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South Carolina
Judicial Department
4633 - State v. Cooper

In The Court of Appeals

The State, Respondent,


 Gene Tony Cooper, Jr., Appellant.

Appeal From Lexington County
 Daniel  F.  Pieper, Circuit Court Judge

Opinion No. 4633
Heard September 15, 2009 – Filed November 19, 2009


Deputy Chief Appellate Defender for Capital Appeals Robert M. Dudek, of Columbia, for Appellant.

Attorney General Henry Dargan McMaster, Chief Deputy Attorney General John W. McIntosh, Assistant Deputy Attorney General Donald J. Zelenka and Senior Assistant Attorney General William Edgar Salter, III, of Columbia; and Solicitor Donald V. Myers, of Lexington, for Respondent.

SHORT, J.:   Gene Cooper appeals his convictions for murder, armed robbery, conspiracy to commit armed robbery, and kidnapping, arguing the trial court erred in: (1) denying Cooper's motion to dismiss the charges against him because his constitutional right to a speedy trial was violated; (2) finding Phillip Farmer was an unavailable witness and allowing Farmer's prior testimony to be read into the record because it denied Cooper his constitutional right to confrontation; and (3) ruling Cooper could be impeached with his 1977 convictions for housebreaking and grand larceny because the convictions were too remote and were highly prejudicial.  We affirm.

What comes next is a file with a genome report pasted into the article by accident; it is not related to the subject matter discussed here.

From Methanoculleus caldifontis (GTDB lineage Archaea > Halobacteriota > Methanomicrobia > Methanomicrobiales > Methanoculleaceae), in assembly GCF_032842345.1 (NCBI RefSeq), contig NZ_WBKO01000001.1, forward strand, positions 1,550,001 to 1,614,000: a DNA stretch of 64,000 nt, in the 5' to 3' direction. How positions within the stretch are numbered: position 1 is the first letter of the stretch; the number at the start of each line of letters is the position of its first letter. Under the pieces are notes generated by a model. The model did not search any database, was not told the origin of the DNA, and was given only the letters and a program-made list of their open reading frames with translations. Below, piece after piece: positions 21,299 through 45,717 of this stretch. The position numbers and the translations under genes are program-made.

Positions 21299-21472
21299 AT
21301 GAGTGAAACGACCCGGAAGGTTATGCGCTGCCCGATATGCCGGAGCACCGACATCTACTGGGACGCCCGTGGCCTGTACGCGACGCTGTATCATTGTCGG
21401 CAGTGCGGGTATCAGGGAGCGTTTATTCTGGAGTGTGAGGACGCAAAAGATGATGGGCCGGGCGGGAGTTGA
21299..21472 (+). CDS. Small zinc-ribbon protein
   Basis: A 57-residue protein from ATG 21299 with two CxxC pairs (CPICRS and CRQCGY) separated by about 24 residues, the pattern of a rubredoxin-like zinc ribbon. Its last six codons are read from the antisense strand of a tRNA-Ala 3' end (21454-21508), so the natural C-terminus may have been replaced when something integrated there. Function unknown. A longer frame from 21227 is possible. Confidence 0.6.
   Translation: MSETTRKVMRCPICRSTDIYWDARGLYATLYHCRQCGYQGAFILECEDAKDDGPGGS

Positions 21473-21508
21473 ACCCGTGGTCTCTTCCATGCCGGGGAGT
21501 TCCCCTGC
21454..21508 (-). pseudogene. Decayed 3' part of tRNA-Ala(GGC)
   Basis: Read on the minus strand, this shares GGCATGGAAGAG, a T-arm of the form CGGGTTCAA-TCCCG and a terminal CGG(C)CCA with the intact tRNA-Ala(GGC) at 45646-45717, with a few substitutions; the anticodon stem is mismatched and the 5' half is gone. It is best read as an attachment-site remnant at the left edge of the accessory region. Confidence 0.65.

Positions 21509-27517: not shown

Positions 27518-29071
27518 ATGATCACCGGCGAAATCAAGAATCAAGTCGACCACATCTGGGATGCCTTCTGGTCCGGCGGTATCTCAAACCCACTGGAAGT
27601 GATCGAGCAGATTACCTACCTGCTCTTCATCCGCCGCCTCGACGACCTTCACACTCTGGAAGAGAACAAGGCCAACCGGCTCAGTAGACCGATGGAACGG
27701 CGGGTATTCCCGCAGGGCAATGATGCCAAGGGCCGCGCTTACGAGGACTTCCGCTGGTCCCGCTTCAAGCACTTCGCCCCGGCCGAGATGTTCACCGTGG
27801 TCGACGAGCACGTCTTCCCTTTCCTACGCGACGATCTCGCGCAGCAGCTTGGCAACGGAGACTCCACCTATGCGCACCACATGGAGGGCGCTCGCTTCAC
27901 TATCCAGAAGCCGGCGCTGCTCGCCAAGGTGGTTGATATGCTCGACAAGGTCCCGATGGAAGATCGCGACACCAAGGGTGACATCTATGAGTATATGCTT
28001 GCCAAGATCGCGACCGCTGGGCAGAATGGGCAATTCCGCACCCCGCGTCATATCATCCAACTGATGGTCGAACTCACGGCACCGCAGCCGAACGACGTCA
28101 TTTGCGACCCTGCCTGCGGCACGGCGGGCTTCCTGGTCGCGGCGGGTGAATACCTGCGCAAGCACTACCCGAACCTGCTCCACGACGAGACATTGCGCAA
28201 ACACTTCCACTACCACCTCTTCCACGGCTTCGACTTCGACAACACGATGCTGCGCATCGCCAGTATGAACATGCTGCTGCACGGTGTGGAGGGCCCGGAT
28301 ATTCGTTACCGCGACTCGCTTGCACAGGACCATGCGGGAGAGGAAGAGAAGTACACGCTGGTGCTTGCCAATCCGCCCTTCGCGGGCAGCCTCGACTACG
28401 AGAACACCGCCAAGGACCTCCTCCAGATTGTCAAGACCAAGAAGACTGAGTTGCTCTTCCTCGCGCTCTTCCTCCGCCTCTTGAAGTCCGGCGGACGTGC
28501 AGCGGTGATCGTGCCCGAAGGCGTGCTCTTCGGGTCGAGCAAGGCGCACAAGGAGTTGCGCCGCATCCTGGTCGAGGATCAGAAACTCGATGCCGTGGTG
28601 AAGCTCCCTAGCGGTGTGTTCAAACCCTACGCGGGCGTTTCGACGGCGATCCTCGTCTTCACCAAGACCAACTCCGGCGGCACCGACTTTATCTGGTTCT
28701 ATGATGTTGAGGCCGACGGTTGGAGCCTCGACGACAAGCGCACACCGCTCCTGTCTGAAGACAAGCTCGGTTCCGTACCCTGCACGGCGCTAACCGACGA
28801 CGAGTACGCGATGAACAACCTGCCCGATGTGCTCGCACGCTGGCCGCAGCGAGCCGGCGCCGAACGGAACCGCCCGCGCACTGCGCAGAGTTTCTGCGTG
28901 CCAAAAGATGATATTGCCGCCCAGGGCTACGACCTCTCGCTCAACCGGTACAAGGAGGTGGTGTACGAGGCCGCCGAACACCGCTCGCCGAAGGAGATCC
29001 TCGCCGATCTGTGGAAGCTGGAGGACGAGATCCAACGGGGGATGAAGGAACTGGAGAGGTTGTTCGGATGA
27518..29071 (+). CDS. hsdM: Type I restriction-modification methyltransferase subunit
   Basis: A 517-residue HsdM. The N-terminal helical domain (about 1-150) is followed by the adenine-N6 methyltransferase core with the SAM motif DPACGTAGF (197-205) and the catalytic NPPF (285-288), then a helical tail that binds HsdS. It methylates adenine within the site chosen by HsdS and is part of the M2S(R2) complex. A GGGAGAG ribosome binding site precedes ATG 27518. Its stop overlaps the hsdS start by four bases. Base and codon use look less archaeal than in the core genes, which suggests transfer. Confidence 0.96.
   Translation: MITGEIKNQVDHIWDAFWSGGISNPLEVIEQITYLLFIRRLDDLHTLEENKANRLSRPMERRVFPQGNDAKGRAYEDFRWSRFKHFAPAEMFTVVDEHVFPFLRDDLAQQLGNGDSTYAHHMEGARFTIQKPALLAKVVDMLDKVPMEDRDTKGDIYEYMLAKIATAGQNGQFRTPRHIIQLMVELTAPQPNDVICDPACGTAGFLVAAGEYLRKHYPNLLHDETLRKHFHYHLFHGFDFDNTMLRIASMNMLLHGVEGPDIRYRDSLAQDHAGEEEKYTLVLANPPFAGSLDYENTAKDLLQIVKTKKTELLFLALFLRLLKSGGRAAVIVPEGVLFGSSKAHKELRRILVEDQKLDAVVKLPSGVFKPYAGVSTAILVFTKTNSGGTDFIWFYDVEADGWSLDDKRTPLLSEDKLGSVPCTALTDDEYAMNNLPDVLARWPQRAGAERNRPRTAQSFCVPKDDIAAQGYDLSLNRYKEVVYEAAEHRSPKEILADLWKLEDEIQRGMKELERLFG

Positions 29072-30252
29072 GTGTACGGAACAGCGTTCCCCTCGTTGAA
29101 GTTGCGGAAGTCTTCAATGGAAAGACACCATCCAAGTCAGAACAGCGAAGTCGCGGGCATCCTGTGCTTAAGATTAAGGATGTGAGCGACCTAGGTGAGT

Cooper was indicted in January 1990 for murder, kidnapping, armed robbery, forgery, and conspiracy.  On February 22, 1991, he was convicted on all charges and sentenced to death.  However, almost three years later, the South Carolina Supreme Court reversed Cooper's conviction for murder and remanded the case for a new trial.[1]  The Supreme Court affirmed Cooper's convictions for kidnapping, armed robbery, forgery, and conspiracy.[2]  The following year, Cooper filed an application for Post Conviction Relief (PCR) pertaining to his four non-capital convictions.  Counsel for both parties agreed that Cooper's retrial for murder should await the disposition of his PCR challenge.  Following an evidentiary hearing, the PCR court granted Cooper relief for all of his non-capital convictions.  The State appealed, and the South Carolina Supreme Court affirmed the granting of PCR.[3]  The State did not petition for rehearing, and the Supreme Court sent the remittitur to the Lexington County Circuit Court on August 29, 2002.